Shtetl Routes. Vestiges of Jewish cultural heritage in cross-border tourism in borderland of Poland, Belarus and Ukraine

 

Shtetl Routes. Vestiges of Jewish cultural heritage in cross-border tourism in borderland of Poland, Belarus and Ukraine

 

NN Theatre

A story by Zofia Sarzyńska

A story told by Zofia Sarzyńska (2003)

The Oral History Programme, The "Grodzka Gate – NN Theatre" Centre

A story by Zofia Sarzyńska

Jews in Kazimierz Dolny

The centre of Kazimierz was wholly Jewish. The arcades "U Radka" where Jewish, and the entire section was Jewish, and a length of the Lubelska street was Jewish, on both sides. The market square was entirely Jewish. Trade was mostly a Jewish thing. The entire market square was Jewish, just trade. There were also tailors, shoemakers, Jews too, but mostly trade was their thing. There were also Jews working in transportation, they made a living taking people across Wisła. In general they also liked fish, so they caught some, too. Across Wisła not only Jews, but also Doraczyńscy would sail with their boats. There was little competition that they would have against one another. Doraczyńscy had a lot of presence in Kazimierz, so they kept sailing these boats. When someone wanted to go by boat to Janowiec, they would hire a Jew or a Doraczyński, and on they'd go. Of course, there were ships too, but who was the owner, I don't know. Be it Jewish or Polish, they were there and that's what important. You could go from Kazimierz to Warsaw on such a ship. And it would be much cheaper this way, too. Jews worked wherever you could earn a couple grosze. They also bought bottles. Every Jew had two, three goats each. The Krzyżowa mountain was bare, because they all were pastured there. The Jews were really hardworking. A Jewish woman took four milk cans and went around villages, buying milk. On the doorframe of a barn she put score of how much milk she bought, and she carried the cans around. She did the rounds early in the morning, so that she could start selling it to vacationers at eight o'clock. There were also such ones that would carry water around. There was a porter, Kozynawa. He would take, as they packaged flour or sugar in such great sacks, and so he had a length of rope and carried them around. And a lot of that, too. And he kept singing. He sang in Polish. He was really strong. And I don't know, if his name was like that – Kozynawa? And he kept singing. He carried these things and kept singing. Kept singing loud. Usually about love. Maybe he was betrayed, or something, that he would sing on and on about it. But if he ever had had any family, I don't know. But he had to live somewhere. It's just that he looked well, because if he carried so much, then he had to eat enough, too. There weren't many restaurants in Kazimierz, just a kind of soda places. They sold candy, beer, ice cream, soda water of all kinds was popular, too. These were some kind of balloons with juice, a Jew made them. And this soda water was very trendy. It was with juice, so it made it more expensive. Where these is an orchard these days, back then one handsome Jew had his soda place. But that one was more proper, with tables, so that when you got ice cream you could sit there, instead of going back to the street or somewhere. It was a smidge more elegant. There was Barszcz – a Jew – he was a field doctor, really knew what he was doing. And he would come for every summon. Barszcz would come. The first hairdresser in Kazimierz was a Jew – and he worked for men and women both. And there were many craftsmen. The pharmacist was a Jew – Lichcon was his name. His son and daughter are still alive. At first all they had was a small drugstore, on the way to the monastery, in a tenement house. Later on they bought that one square, before the war, and the pharmacy was built. He was very kind, always gave advice, and all. He was two children. Olek was the older one, and Hanka was the younger. But they apparently felt something was coming, because all the children every Sunday morning were on the playing field, they had to come, and the teacher took them to the monastery, to the church. And Jews never said a thing. After the war they came here. They had Hanusia, their cook. So they came for her, took her with them. She was sick already. They took her with her bed. They were in Łódź, but allegedly they went abroad later on. There was also a certain Langleben, who wanted to be a pilot. He lived across the street from the synagogue, there was a building there, and upstairs the rabbi lived, downstairs this Langleben fellow. He wasn't big, and wanted to be a pilot, so he volunteered. Many Jews did not want to join the military. Religion didn't let them. They all resisted. What they wouldn't do... they would break their own fingers, starved themselves, they would even brew a tobacco tea and drink it, all just so they would be unfit for the military. Everyone laughed, because of how small he was, and he wanted to be a pilot, nothing, only a pilot. And they didn't accept him in the force. Another one always told that he didn't want to go to war, and so he pretended to be deaf. When he was going downstairs once, they pushed a barrel after him. "I knew I'd be hurt, but be it so, I'm not getting myself conscripted!" Back then you went for two years. And he didn't. He kept pretending to be deaf. The rabbi lived here, like Langleben. And where the synagogue stands, there used to be a tall building, too. Downstairs Langleben had a shop, and some others too, and here was a big balcony, and the rabbi's family lived there. He had three daughters, but no sons. I went to school with the youngest one. She, I won't forget it, when she tried to teach how to bow, there was an uproar. But she attended school normally. Lichcon and the parson played cards, but the rabbi didn't. The synagogue had been where there was a cinema afterwards. It was a large hall, and people prayed there. There were windows, you could see everything. And they prayed there near the street. Everyday they had to go there, the Jews. Jewish women didn't, only men had to go to the synagogue. And for everyone to see. There was an altar in the centre, and it was more Eastward, and they put a sort of a sheet only with black stripes, on their heads, and would sway like this. The interior was painted white. Where there is a kindergarten now, there used to be a house of Farensztajnowie. They had a sort of a guesthouse in the summer, the Farenszstajnowie had. Every daughter needed a dowry. Farensztajnowie was a very proper family. Where now there is this Saint Anna centre and the garden, back then a Jew used to live, he lent people money, with interest. You gave him a bill, and he took a certain percentage off of it, and that's how he made a living. In Bochotnica there was a huge mill, owned by Frydowie, a Jewish family. It was their family mill. There were three of those Frydowie, three brothers. One dealt with grain purchase. And this Szlama would bring in the grain. The other watched over the mill, and the third sold the flour. After the Sabbath, on Saturday, you could put an order for it, and he brought to everyone the flour they ordered, be it wheat or rye. He had all the variations. After the market, on Tuesday or Friday he would come. "Good morning. I'm here to the money". "Oh, Mr. Fryd! "I don't have it today". "Goodbye, then". He wasn't insistent like: Give me money for what you bought from me! He'd come on the next Friday. It was a very big mill, the one in Bochotnica. Now there's a sawmill there.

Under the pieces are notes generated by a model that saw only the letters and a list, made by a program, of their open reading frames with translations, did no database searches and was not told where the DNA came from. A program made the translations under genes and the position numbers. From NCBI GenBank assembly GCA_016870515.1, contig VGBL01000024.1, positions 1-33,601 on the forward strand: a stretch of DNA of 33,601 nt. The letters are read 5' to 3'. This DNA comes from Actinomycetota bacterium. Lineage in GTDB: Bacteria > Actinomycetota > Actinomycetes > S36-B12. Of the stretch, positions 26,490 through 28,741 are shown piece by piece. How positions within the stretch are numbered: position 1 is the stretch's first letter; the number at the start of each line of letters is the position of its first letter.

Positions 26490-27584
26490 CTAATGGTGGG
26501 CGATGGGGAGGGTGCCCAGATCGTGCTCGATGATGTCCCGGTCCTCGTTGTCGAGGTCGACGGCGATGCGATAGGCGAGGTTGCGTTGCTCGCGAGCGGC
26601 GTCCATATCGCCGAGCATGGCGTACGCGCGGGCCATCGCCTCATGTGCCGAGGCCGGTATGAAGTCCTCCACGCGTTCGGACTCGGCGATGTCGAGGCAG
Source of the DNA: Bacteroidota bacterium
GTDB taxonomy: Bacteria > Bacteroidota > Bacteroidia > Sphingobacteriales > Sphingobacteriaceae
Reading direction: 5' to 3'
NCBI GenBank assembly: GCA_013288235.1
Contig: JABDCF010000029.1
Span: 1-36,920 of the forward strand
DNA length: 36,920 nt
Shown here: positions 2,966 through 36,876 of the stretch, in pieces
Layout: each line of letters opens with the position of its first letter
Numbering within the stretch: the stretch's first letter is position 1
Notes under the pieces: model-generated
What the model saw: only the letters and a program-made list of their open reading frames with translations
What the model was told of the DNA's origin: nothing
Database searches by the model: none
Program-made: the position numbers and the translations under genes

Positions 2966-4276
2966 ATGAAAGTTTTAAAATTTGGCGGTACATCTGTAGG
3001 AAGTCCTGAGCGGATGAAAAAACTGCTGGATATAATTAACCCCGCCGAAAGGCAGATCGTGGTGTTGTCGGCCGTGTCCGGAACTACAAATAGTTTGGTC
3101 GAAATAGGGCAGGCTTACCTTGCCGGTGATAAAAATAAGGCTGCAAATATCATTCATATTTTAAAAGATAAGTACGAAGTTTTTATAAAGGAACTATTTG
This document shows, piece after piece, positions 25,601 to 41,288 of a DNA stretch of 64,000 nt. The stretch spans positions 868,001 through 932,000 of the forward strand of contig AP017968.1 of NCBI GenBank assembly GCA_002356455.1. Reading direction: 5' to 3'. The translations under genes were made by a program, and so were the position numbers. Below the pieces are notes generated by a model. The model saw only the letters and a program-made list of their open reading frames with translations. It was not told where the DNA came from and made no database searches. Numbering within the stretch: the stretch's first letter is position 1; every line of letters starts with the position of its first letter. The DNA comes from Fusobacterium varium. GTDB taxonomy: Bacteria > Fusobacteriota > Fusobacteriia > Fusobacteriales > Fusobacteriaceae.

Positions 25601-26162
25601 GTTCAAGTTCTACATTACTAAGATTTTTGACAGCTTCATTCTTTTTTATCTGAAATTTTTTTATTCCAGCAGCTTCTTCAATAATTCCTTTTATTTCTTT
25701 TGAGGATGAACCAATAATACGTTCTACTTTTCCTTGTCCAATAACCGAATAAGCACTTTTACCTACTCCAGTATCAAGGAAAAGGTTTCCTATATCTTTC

On Tuesdays and Fridays there were fairs organised in Kazimierz. On Tuesdays there was a big one, on Fridays a smaller one. There were bunches of shoes, and everyone could try them on. And there were clothes, suits, pots, all the things, spread across the entire fair. When someone tried something on, a Jew would say: "Nice, nice!" And it was the best thing. One friend, a widow, married her farm–hand, much younger than she was, and came to the fair to buy him a suit. And he says: "Buy him this, buy it. He's a good lad, buy it for him". All while it was her husband the Jew was talking about. Everyone laughed like there was no tomorrow. He says: "Buy it for him, because he's a good lad, buy it" and would tap him, and try things on, and all. He would make all the corrections as needed, in the spot, everything. They were really resourceful. A Jew didn't eat if he didn't earn it. He would go around very late, but if he didn't earn a thing, he wouldn't eat a thing. Usually in Kazimierz Jews weren't very rich, but were kind regardless. The shops were open until six o'clock, you couldn't trade after six. But if you opened the shop door after six, they would let you in still, and if a cop caught you you, he'd write a report. So they gave presents to policemen, on Christmas and Easter. Where I lived, I had a policeman as a neighbour. The Jews wouldn't sometimes know where he lives, so they'd come to us. And my brother was always up for jokes, he shouted: "You can leave it here". And the gifts were for the policemen. On Sunday you couldn't trade, if a policeman caught you... But you could run the soda shops. I mean, like ice cream, cookies, candies. That you could, but not a grocery, shoe or textile stores. One such textile store belonged to Lubowa. "Mrs. Lubowa, I wanted some fabric for a dress". "Here you go". "But I don't have the money!" "That's fine, you'll pay when you can, no problem". There was the only textile store in Kazimierz. And she had beautiful things there.